“We cannot change an organization in two years. It takes a lot of time to remove some of the stuff,” he said, referring to 9/11 conspiracy theorists on the board of the CIC’s biggest project, Islamic History Month Canada (IHMC).

As Brean wrote, the Canadian Islamic Congress also has a  student essay contest on the “ethnic cleansing” of Palestine, and has  honoured  “ Zafar Bangash, the firebrand journalist who hosted a conference of Iranian propaganda and told police he could not guarantee the safety of any protester who got too close.” (Imam Delic had Bangash as a speaker and shared the stage with him at a Canadian Islamic Congress fundraisng event this past June.)

 The Canadian Islamic Congress has also demanded that Hamas be delisted as a terrorist group, and has supported the United  Nation’s “defamation of religion” resolutions, a project of Muslim states to combat criticism of religion in general and Islam in particular, widely seen as an affront to free speech. 

According to the article in the National Post, Iman Delic has proposed  that the Anti-Terrorism Act be repealed because the criminal code is sufficient, and the expanded government powers marginalize Muslims. Read more here.

David Matas,  human rights lawyer and senior counsel for B’nai Brith Canada wrote in an email to the Winnipeg Jewish Review when asked to comment on the withdrawal of the invitation given by National Defense to Delic to speak at National Defense headquarters.

“The issue here is not freedom of speech. The issue which precipitated the debate rather is who is going to be invited to address a gathering hosted by National Defence.
Logistically it is impossible for everyone who has something to say to address such a gathering. The fact that someone is not invited or uninvited does not prevent the person from saying whatever her or she wants.
No one has a right to an invitation to address the Department of National Defence. The Department and Minister have every right to choose who is to address them at their own headquarters at their own gathering.
If one puts to one side the controversy over the speaker and the organization he represents, one would have nonetheless to say that the Government was sloppy first for inviting and then for uninviting the speaker. The invitation withdrawal was not based on facts which arose after the invitation was issued but rather appreciation of existing facts already on the public record. The Government should in future do its homework before it issues an invitation and not after the invitation has gone out.
Robert Oliphant of the Liberals criticised the Tories for catering to their base through the invitation withdrawal. That may be true. Yet, all parties have a tendency to do that. The Liberals, by their response, may be catering to their base. There is nothing inherently wrong with parties' catering to their bases.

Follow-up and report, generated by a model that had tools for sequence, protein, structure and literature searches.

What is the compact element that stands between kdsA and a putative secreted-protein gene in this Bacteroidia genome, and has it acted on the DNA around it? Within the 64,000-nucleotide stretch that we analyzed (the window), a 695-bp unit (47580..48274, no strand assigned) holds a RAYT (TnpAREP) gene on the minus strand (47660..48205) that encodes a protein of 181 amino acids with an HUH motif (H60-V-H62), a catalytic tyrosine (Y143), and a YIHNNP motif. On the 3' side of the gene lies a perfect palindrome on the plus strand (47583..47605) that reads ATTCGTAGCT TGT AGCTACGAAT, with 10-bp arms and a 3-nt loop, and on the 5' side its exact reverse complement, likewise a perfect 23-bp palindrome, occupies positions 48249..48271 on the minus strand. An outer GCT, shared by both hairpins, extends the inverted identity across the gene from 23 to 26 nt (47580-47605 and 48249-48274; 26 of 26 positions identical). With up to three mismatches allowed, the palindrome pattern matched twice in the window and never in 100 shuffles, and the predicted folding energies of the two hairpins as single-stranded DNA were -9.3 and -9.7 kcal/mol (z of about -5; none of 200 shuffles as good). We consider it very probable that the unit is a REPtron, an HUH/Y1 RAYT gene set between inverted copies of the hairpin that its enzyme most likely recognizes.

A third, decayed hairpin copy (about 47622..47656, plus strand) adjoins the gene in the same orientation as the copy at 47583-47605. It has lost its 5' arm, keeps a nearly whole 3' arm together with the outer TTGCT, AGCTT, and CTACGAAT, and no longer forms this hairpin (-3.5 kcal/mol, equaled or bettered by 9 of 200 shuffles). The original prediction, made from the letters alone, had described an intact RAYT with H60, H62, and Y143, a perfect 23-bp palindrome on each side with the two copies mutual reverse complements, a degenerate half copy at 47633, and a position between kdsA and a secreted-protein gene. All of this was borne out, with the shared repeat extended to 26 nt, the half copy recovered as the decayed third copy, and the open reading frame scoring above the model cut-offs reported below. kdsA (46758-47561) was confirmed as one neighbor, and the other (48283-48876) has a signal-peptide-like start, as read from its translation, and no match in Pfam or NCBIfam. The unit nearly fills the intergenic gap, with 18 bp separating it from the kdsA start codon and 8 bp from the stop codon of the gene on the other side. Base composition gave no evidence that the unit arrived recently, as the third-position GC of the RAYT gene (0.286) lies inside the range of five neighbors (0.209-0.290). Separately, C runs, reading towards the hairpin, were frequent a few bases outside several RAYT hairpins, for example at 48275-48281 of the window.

I have no reason to quarrel with anything Anita Neville has said about Iman Delic as an individual or the nature of his intended speech. The stated reason of the government for the cancellation was the 2004 incitement to genocide of Israelis by former Canadian Islamic Congress head Mohamed Elmasry, something, needless to say, which concerns me a good deal. The statement has since been repudiated by Delic and the organization. Nonetheless Elmasry still sits on the Board of Islamic History Month Canada, a project of the Canadian Islamic Congress.
Because Iman Delic is executive director of the Canadian Islamic Congress, it is impossible to disassociate one from the other. Iman Delic was not invited to speak as an individual but as executive director of the Canadian Islamic Congress. Consequently, we should be considering not just what Iman Delic as an individual stands for, but what the Canadian Islamic Congress stands for, albeit now, not six years ago.
Whatever one can say in favour of Iman Delic as an individual or the remarks he intends to give, the fact remains that there are many problematic positions of the Canadian Islamic Congress today, even if one puts to one side the genocidal incitement of former head Mohamed Elmasry.

Delic referred to the Canadian Islamic Congress as, until recently, a mess and added "It takes a lot of time to remove some of the stuff". If Iman Delic does eventually clean up the Canadian Islamic Congress, one would have to applaud him for it. However, the clean up has not happened yet. So, there is a basis in public policy for the Government invitation withdrawal, even independently of the remarks of Elmasry.
The response from the Muslim Canadian Congress approving the invitation withdrawal is telling. The Canadian Islamic Congress is not the voice of the whole Islamic community, but only one troubled portion of it. The existence of interfaith dialogue with Muslims does not hinge on dialogue with the Canadian Islamic Congress.
For my part, I wish Iman Delic well in his efforts to clean up the Canadian Islamic Congress. I have no reason to doubt his stated intentions of attempting to do so. I look forward to the day when an invitation to speak given to the executive director of the Canadian Islamic Congress will be uncontroversial.”

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Rhonda Spivak, Editor

Publisher: Spivak's Jewish Review Ltd.

Opinions expressed in letters to the editor or articles by contributing writers are not necessarily endorsed by Winnipeg Jewish Review.